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COLOMBIA: Future Holds More of the Same

BOGOTA, Jun 15 2010 (IPS) - Few doubt that former defence minister Juan Manuel Santos will be the next president of Colombia, and that he will continue the policies of President Álvaro Uribe. Santos, as Uribe’s heir, will basically be more of the same.

The legacy of the right-wing Uribe, who has governed since 2002, is described in starkly black and white terms, and is seen as a blueprint for the next four years, after the Jun. 20 presidential runoff election.

Although she is a staunch critic of Uribe, political analyst Claudia López admitted that “He is leaving behind a better country than the one he found in 2002, when the guerrillas seemed invincible and violence was at a record high level in Colombia.”

But, she added, “This was at the cost of weakening virtually all of the country’s institutions.”

Colombia has been in the grip of a civil war since 1964, when the Revolutionary Armed Forces of Colombia (FARC) and the smaller National Liberation Army (ELN) guerrillas rose up in arms. The far-right paramilitary groups emerged in their present form in the 1980s, to combat the leftist insurgents alongside the government forces.

This South American country is the top supplier of drugs to the United States — the world’s single biggest market for drugs — and the third largest recipient of U.S. military aid, after Israel and Egypt.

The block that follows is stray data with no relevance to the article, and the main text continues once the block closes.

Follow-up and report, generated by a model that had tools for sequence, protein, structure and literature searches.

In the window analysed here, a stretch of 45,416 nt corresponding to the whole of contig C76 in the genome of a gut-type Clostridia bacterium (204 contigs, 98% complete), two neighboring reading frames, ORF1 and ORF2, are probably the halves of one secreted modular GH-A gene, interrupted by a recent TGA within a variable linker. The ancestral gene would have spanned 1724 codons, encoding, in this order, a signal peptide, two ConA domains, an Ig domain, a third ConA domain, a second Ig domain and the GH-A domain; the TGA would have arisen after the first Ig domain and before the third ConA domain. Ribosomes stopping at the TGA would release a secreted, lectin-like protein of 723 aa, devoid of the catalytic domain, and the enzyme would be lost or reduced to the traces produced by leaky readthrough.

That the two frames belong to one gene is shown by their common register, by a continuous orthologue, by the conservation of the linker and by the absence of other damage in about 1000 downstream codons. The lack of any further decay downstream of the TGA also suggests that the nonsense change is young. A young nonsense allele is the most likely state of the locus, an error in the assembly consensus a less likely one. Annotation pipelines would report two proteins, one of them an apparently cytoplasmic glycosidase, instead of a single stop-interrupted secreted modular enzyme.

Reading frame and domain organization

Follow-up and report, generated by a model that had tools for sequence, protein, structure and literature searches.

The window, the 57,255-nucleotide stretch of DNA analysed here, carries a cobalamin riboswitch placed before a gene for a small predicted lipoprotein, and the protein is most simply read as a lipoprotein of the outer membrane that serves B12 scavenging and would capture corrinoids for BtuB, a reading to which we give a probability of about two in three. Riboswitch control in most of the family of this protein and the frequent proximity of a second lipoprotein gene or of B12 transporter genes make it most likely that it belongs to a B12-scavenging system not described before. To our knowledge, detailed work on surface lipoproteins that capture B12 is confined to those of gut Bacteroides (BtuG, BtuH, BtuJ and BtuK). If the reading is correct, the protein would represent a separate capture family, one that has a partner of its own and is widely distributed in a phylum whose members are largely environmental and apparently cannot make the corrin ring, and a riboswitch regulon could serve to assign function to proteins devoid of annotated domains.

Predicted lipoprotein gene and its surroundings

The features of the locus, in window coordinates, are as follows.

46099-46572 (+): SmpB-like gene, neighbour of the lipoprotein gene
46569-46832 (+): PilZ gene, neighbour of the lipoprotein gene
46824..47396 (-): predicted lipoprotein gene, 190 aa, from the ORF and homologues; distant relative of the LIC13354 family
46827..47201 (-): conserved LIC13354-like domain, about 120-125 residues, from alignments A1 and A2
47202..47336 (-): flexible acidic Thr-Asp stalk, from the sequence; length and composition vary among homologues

Columnist Juan Carlos Botero offered a summary of what Uribe has achieved: he demobilised the paramilitary militias, backed the FARC into a corner, revived the economy, and curbed kidnappings, massacres and attacks by armed groups on towns and cities.

In fact, Uribe is reaching the end of his second term with popularity ratings of over 70 percent.

But on the other side of the equation, Botero listed a number of scandals: over the so-called “false positives” — young civilians killed by the army and passed off as guerrilla casualties in the military’s counterinsurgency campaign — and over the government’s Agro Ingreso Seguro (stable farm income) programme, under which some of the country’s largest landholders received millions of dollars in subsidies.